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Unity and Hope to Division and Despair


Yet another election in which we are holding our noses while we vote. Yet another election that further divides the country. Yet another election of vitriolic and slanderous speech. Yet another election of divisiveness, dispassion, and desperation. 

It is hard to believe that only 8 years ago, I was going around the country campaigning for a man who talked about what unites all of us–conservatives and liberals; Democrats and Republicans–as Americans. Only 8 years ago, the sensation of hope was palpable; hope that we could come together as Americans to elect a transformative leader who would unite us in promoting social justice; in saving the worldwide economy; and in hunting down and killing all those responsible for 9/11. 

We accomplished all those things as a united America. We promulgated a law, which required some Republican support, which provided health insurance to 20 million uninsured Americans; both Democrats and Republicans voted for Obama’s stimulus package and together we saved the worldwide economy; through Obama’s drone program , which enjoys bipartisan support (Although he received severe criticism in the left, even from former supporters, i.e., Cornell West), we decimated al Qaeda and gaining ground on ISIS. When President Obama gave the order to take out bin Laden and it succeeded, we united in celebration. Both conservatives and liberals joyfully took the streets in celebration of an American victory.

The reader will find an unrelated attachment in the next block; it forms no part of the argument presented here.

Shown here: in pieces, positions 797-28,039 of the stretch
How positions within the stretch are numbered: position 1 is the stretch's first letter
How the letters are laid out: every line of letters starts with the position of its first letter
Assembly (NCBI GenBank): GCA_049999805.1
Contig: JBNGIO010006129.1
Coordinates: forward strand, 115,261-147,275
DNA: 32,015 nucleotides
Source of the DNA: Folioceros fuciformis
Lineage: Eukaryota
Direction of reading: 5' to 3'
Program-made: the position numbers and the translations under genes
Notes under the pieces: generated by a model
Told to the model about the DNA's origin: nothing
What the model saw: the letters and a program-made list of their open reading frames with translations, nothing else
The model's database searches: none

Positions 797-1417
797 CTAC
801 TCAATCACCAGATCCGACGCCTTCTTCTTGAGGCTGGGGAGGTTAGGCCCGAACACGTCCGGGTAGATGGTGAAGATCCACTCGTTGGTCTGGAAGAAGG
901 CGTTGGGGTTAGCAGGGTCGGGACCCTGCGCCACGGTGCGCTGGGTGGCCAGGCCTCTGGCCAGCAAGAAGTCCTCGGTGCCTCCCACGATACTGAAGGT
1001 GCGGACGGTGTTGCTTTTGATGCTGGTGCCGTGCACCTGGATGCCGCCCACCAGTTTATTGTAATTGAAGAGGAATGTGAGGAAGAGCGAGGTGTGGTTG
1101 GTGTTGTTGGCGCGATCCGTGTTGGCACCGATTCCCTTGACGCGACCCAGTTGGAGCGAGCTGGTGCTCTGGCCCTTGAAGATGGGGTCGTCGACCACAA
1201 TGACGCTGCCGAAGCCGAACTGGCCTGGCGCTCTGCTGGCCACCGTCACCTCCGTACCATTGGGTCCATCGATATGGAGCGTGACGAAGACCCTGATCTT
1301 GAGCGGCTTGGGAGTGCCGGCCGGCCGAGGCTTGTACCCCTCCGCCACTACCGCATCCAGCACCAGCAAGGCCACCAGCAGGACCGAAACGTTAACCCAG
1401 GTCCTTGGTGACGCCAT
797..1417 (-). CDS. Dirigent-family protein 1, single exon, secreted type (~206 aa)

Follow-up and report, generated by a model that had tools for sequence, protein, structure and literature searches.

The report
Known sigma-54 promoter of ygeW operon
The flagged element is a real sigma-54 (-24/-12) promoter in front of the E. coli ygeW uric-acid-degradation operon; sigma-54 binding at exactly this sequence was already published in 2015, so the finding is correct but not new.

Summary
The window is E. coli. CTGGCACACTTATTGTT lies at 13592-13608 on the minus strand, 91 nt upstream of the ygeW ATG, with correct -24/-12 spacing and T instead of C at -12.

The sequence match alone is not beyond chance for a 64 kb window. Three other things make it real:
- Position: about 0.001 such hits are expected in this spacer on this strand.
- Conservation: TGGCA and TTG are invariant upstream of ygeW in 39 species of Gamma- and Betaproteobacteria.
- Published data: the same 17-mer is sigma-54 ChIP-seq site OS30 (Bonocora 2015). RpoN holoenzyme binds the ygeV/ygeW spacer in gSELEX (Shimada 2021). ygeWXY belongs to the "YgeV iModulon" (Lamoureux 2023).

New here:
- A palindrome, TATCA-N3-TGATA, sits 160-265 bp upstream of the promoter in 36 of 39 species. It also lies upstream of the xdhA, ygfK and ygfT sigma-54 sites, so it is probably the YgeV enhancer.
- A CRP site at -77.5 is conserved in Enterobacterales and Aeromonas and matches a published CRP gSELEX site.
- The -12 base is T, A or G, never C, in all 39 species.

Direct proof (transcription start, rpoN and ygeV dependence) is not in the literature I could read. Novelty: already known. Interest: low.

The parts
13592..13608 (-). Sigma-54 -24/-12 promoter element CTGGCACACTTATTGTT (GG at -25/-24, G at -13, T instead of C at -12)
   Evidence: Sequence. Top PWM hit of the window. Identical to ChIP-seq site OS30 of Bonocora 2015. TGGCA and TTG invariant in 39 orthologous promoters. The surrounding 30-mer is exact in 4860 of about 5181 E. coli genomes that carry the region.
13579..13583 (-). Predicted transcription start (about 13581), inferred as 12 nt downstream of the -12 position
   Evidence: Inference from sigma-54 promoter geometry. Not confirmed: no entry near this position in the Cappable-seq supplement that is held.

Throughout the course of this long (way too long) presidential circus… I mean contest, we have taken giant steps backwards. Not one candidate on either side of the primary process picked up Obama’s mantle of unity. There were no impassioned speeches about the values that we all share as Americans. There we’re no message of hope; no calls for bipartisanship; no passion in general.
Instead, politicians saw the potential opportunities to win an election by seizing and magnifying the issues that divide us: class, race, and religion. Both parties’ candidates are responsible for destroying the opportunity to build upon the transformation that this country underwent during the 2008 election. We overcame class divide, racial bigotry, and religious intolerance in that election cycle. After the election, intellectuals and pundits spoke of the post-racial era. We were united as Americans.

There was not one hero who served to unite us in the 2016 election. Even Senator Bernie Sanders, who shares some of the more progressive components of the President’s ideology, utilized class divide to garner support. He rightfully highlighted the maltreatment of the working and middle classes in this country, but some of the most important progressive figures in this country are members of the upper class–figures who call for the upper classes to pay their fair share.